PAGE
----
S2G Ventures, the Chicago-based investment firm focusing on startups developing technology and services for human and planetary health, is launching a new investment vehicle focused on seafood and oceanic cultivation.
The firm was an investor in Beyond Meat, the $9 billion-valued publicly traded meat replacement startup that’s been one of the biggest recent success stories in the market for food science startups. It also holds stakes in companies like the healthy food chain Sweetgreen, the microbial meat replacement technology developer Future Meat Technologies, robotic harvesting tech developer Augean Robotics, food preservation technology developer Apeel and other food and agriculture-focused tech companies.
Now the firm is turning its attention to the oceans. It has already received commitments for $100 million in new capital to finance the endeavor and added Kate Danaher, the former chief lending officer at RSF Social Finance, and Larsen Mettler, the former owner and chief financial officer of Silver Bay Seafoods as managing directors to oversee the oceans and seafood strategy.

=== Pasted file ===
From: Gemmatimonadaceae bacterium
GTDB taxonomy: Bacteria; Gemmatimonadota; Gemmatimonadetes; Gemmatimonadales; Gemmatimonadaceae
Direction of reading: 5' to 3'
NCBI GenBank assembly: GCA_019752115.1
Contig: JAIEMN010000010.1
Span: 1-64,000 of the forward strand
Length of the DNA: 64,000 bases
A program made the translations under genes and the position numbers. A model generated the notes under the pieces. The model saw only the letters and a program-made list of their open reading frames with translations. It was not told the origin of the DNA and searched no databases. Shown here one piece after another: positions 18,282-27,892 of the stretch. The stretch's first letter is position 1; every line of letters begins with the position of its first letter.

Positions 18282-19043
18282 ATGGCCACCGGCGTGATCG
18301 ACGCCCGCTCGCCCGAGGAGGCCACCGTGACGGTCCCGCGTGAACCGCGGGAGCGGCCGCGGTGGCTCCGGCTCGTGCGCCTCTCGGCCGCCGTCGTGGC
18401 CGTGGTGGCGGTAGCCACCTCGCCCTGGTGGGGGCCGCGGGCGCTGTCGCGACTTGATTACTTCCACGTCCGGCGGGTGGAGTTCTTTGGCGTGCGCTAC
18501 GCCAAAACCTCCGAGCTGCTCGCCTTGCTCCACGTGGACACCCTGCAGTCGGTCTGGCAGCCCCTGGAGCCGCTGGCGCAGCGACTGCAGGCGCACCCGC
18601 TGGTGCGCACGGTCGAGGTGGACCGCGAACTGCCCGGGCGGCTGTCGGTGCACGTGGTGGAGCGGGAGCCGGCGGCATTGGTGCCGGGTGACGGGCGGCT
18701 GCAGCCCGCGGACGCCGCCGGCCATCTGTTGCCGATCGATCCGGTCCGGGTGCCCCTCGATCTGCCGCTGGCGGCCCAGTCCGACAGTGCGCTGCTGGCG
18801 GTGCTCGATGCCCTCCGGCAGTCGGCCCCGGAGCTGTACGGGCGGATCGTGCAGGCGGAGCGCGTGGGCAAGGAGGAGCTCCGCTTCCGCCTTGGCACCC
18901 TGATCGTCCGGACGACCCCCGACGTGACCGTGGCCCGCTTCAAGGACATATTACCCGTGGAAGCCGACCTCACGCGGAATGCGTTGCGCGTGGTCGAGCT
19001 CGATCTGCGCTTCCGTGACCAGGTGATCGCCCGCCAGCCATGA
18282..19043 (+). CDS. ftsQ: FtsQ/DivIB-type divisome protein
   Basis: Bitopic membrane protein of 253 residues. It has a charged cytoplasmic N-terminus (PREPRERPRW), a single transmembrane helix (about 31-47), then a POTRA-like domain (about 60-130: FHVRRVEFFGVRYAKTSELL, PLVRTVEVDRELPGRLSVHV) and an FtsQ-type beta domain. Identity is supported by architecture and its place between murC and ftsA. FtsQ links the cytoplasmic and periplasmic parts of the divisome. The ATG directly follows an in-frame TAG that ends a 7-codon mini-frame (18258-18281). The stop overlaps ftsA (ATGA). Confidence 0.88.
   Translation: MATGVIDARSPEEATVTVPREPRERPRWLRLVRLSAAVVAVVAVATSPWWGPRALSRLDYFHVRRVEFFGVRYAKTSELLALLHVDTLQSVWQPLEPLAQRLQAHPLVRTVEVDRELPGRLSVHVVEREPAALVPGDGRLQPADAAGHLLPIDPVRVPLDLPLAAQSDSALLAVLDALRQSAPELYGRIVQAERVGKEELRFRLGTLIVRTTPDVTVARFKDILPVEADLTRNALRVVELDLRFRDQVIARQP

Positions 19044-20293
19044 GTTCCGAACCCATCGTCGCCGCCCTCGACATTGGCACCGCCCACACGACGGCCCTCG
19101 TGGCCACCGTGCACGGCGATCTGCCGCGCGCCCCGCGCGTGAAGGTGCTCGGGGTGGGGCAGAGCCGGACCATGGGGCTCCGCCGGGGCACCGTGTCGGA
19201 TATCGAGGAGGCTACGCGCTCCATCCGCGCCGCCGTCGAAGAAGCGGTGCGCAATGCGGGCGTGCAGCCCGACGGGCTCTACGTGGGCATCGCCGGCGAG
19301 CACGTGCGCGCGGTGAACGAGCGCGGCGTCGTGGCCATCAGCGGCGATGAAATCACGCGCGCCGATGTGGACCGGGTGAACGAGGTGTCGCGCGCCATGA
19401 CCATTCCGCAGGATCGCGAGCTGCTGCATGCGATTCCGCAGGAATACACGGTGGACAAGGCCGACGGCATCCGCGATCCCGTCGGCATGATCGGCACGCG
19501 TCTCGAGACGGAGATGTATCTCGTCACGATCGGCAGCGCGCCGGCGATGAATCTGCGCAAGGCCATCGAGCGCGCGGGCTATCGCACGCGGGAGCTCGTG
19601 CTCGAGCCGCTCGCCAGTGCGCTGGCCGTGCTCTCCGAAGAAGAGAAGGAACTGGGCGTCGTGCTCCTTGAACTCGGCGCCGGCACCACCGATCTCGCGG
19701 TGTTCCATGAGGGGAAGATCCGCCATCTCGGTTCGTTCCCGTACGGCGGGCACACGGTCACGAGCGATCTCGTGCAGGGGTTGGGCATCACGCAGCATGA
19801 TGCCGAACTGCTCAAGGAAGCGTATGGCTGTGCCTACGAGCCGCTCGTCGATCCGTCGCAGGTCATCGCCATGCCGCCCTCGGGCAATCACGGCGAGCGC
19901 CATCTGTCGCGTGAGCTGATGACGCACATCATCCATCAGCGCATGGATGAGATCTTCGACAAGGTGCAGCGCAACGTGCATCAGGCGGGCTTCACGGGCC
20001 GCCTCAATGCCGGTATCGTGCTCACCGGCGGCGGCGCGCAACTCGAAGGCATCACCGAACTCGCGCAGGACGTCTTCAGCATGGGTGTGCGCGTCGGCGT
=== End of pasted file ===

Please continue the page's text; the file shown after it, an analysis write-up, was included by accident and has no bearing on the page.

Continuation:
The new investment vehicle will invest in early, venture and growth-stage companies globally that are developing alternative proteins, and seafood, aquaculture, supply chain innovation, transparency, algae and seaweed cultivation and commercialization and ecosystem services, according to a statement.
Seafood is a primary source of protein for 3 billion people around the world, and as consumers look to lower their meat consumption, many more are turning to fish and seafood as their alternative. According to the United Nations panel on climate change, oceans have already absorbed more than 90% of the excess heat trapped in the climate system.
The warming is causing significant changes in currents and sea levels, which affect the health of marine species, nearshore and deep ocean ecosystems, as well as weather systems across the globe, the firm said.
Any solution to climate change will need to address the acidification and overheating that the oceans have endured as the first victim of the world’s evolving climate catastrophe.